The tall tales of this prolific storyteller had the power to unsettle the world in which he told them and to evoke it now. Lucas’s stories offer a guide to Britain in the 1920s and 1930s – unreliable, yet more revealing for that – and a world undergoing far-reaching change. His storytelling was woven into the fabric of the world in which it took shape. To become a successful crook, Lucas had to be an acute observer of the conventions of social interaction, an accomplished mimic of the minute codes of accent and manner that shaped how his contemporaries understood social class. Persuasive stories could be parsed into profit because of the cultures of deference and credit that governed upscale consumerism in London’s West End, and modern tailoring techniques that made the Savile Row look available on the cheap.
The stories of a silken-tongued stranger might be seen as an allegory for the possibilities for self-fashioning and the claims to social distinction contained in the most ordinary forms of mass culture. In his headlong pursuit of advancement, Lucas showed the possibilities of being plausible. At a time when many commentators thought established elites were under threat, the revelation that an ersatz gentleman was as good as the real thing exposed the fragility of social hierarchies. Lucas embodied a broader awareness of the deceptive surfaces of everyday life in the 1920s and 1930s. In what contemporary historians Robert Graves and Alan Hodge called the “age of disguise”, synthetic materials, fashionable interior design, and “painting plaster to look like pickled oak” meant “nothing was what it seemed”. Where Lucas found opportunities, others worried society was a game, and newspapers and politics a racket. Railing against the “imitations and substitutes” of a “very shoddy age”, the moralising columnist Harold Begbie thundered, “Fakes and make-believe, falseness and hypocrisy, are eating the heart of the British nation.” After the upheaval of war and as the pace of peacetime change quickened, the question of who or what to trust became both mundane and freighted. The confidence trickster was an exemplary figure for topsy-turvy times.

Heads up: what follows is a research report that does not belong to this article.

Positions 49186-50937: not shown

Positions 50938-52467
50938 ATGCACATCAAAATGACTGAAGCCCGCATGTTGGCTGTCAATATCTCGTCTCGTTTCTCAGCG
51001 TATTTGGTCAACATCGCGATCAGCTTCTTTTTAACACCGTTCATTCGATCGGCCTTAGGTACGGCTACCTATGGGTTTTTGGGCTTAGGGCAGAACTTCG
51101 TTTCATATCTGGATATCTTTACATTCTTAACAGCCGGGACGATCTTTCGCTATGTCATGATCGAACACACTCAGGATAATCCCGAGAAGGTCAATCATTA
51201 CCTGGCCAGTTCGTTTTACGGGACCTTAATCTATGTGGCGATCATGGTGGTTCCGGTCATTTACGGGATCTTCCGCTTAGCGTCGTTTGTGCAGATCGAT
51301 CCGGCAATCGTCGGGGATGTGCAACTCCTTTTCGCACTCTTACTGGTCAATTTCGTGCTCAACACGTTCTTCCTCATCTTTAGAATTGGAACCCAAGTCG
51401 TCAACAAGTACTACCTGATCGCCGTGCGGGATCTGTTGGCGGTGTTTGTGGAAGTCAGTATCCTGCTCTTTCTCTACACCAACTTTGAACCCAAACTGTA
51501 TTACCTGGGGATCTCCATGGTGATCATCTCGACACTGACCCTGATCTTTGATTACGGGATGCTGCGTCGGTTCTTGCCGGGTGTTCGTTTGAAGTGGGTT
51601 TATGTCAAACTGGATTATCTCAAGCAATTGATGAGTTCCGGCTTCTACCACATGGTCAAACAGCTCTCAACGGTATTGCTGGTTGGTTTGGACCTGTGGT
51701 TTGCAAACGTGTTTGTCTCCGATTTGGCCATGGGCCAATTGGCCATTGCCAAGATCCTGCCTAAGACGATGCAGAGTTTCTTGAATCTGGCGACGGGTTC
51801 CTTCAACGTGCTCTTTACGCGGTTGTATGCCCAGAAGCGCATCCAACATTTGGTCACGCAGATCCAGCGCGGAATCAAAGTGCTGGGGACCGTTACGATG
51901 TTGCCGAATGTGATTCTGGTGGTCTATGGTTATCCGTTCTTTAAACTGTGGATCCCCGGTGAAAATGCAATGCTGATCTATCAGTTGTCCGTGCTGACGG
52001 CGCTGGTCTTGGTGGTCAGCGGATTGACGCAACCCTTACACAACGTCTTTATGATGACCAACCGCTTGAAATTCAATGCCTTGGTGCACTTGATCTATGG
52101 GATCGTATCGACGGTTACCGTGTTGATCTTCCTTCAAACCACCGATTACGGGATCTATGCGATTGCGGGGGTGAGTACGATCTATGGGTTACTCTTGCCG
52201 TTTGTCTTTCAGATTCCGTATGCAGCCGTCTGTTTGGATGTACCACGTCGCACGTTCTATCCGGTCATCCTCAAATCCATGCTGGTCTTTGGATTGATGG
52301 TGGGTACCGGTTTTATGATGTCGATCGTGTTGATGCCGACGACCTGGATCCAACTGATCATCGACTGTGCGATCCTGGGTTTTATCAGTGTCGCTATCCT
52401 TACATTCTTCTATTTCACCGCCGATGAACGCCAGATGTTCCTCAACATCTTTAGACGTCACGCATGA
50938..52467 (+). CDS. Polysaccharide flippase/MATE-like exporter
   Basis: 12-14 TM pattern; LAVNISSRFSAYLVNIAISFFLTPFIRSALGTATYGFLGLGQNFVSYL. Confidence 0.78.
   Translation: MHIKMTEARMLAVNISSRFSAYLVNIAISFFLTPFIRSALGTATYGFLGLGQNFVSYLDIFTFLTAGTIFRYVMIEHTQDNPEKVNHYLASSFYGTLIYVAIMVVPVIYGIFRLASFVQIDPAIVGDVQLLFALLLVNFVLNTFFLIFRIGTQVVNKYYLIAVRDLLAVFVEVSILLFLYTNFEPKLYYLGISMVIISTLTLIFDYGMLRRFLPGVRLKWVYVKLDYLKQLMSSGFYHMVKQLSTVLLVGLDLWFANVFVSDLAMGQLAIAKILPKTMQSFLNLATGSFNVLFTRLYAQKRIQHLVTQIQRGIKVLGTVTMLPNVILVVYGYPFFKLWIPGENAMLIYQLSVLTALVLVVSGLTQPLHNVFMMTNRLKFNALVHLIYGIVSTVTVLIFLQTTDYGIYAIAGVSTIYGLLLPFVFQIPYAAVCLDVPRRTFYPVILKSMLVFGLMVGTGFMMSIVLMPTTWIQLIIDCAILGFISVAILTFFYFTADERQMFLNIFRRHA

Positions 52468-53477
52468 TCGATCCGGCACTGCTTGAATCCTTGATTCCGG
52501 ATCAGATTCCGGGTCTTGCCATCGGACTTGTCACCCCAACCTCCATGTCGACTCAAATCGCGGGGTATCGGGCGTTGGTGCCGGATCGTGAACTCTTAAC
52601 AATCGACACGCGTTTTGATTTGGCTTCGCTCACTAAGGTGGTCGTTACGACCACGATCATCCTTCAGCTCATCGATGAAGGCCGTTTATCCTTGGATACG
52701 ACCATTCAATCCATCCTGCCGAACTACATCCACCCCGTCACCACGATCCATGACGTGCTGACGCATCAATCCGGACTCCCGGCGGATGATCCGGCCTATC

It is difficult to tell plausible stories about Netley Lucas, for the Prince of Tricksters is elusive and hard to find. He moved between lives, changing stories depending on when and where he recounted them. Different versions of his autobiographies accreted one upon the other. How can you trust a calculating storyteller, a man prone to deceive?